There are two schools of thought in terms of approaches to trading: fundamental and technical analysis. While fundamental traders’ strategies revolve around the core facets of the business, the management team, and the business’s balance sheet, technical analysis uses mathematical models to play the fluctuations of price movement. Day traders mostly use technical analysis; it’s no surprise that they do. In this blog post, we will discuss what technical analysis is in detail, its benefit, and how it results in more consistent and efficient trades. We will also introduce you to using technical analysis and how incorporating it into your trading strategy will undoubtedly boost your results.
It is important to remember that fundamental analysis still has a place in the stock market and other securities. It has its merits and shortcomings, just like technical analysis. However, there has been a strong movement towards technical trading due to artificial intelligence, quantitative modeling, and statistical analysis. These developments have shown traders that the best way to play price movements is to use software to analyze historical data and predict the future (or try to, at least).
What is technical analysis?
Basically, statistical analysis is a trading strategy used to evaluate trades based on mathematical developments, whether analyzing statistical trends, price movement, volume, and volatility. Those who employ technical analysis as the base of their trading strategy believe that past trading and price changes can be valuable indicators for the future behavior of security. Technical analysis does not care about the fundamental aspects of a company, such as its balance sheet, the company’s future vision, etc.
In essence, technical analysis focuses on the price of the asset and its volume. Users don’t care whether or not the stock price accurately reflects the value of the company. As long as price movements demonstrate patterns that can be analyzed to predict the future, technical analysis can be employed. It can be used on any security with historical trading data. This includes stocks, futures, commodities, and much more. This makes the strategy attractive to traders because it allows them to diversify their markets. They don’t just need to buy stocks because the company’s value doesn’t factor into their trade strategy.
Why do I need to use technical analysis?
Some variation of technical analysis is recommended for all traders, even those who mainly rely on fundamental analysis. This is because technical traders are less prone to uncontrollable external factors, such as news about the company. Technical traders just care about price, volume, and volatility. Therefore, they are often less emotionally invested in their trades; the future of the company and general trajectory of the stock, for example, doesn’t matter. This added peace of mind is an extra advantage to using technical analysis. Naturally, trades become more efficient when emotion is minimized.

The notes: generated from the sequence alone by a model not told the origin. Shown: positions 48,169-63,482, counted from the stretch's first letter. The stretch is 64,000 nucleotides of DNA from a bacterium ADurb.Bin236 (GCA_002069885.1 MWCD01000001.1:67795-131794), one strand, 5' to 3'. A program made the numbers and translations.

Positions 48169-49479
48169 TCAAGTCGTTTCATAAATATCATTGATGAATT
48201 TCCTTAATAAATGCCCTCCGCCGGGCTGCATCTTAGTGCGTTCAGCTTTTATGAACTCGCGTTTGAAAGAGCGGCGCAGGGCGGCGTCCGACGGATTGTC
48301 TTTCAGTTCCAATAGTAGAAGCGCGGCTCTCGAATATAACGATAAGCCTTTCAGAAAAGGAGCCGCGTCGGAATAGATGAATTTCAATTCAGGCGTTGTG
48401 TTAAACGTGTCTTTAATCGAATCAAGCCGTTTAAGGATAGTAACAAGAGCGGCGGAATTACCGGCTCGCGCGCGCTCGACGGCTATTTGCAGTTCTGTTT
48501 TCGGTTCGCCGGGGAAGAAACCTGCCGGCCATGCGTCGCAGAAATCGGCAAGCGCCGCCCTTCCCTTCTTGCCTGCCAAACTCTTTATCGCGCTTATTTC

Because technical analysis is based on historical data, patterns, and models, mathematical validity can support and boost your trade ideas. It is necessary for you to have numeric evidence that supports your strategy. If you know that, historically, APPL moved up 3 points after increasing 2 points the previous day, you can get a short position in this trade.
Regardless of how expensive APPL is, you know that statistically, this will be a profitable trade. You don’t need to believe in the future of Apple, its management, its cash flow, etc. All you need to know is how the price will move in the short term.
In this blog post, we discussed the details of technical analysis. What is it, how does it work, and how can you incorporate it into your approach to trading. Based on historical data and quantitative analysis, one can gain a quick look into short-term price movement and volatility. This can result in extra profitable trades that would not be possible without certain technical indicators. This is the first step you must take to increase your efficiency in trading. Rely on the math, understand key indicators and models, and seize opportunities based on fluctuation and numerically-based models.
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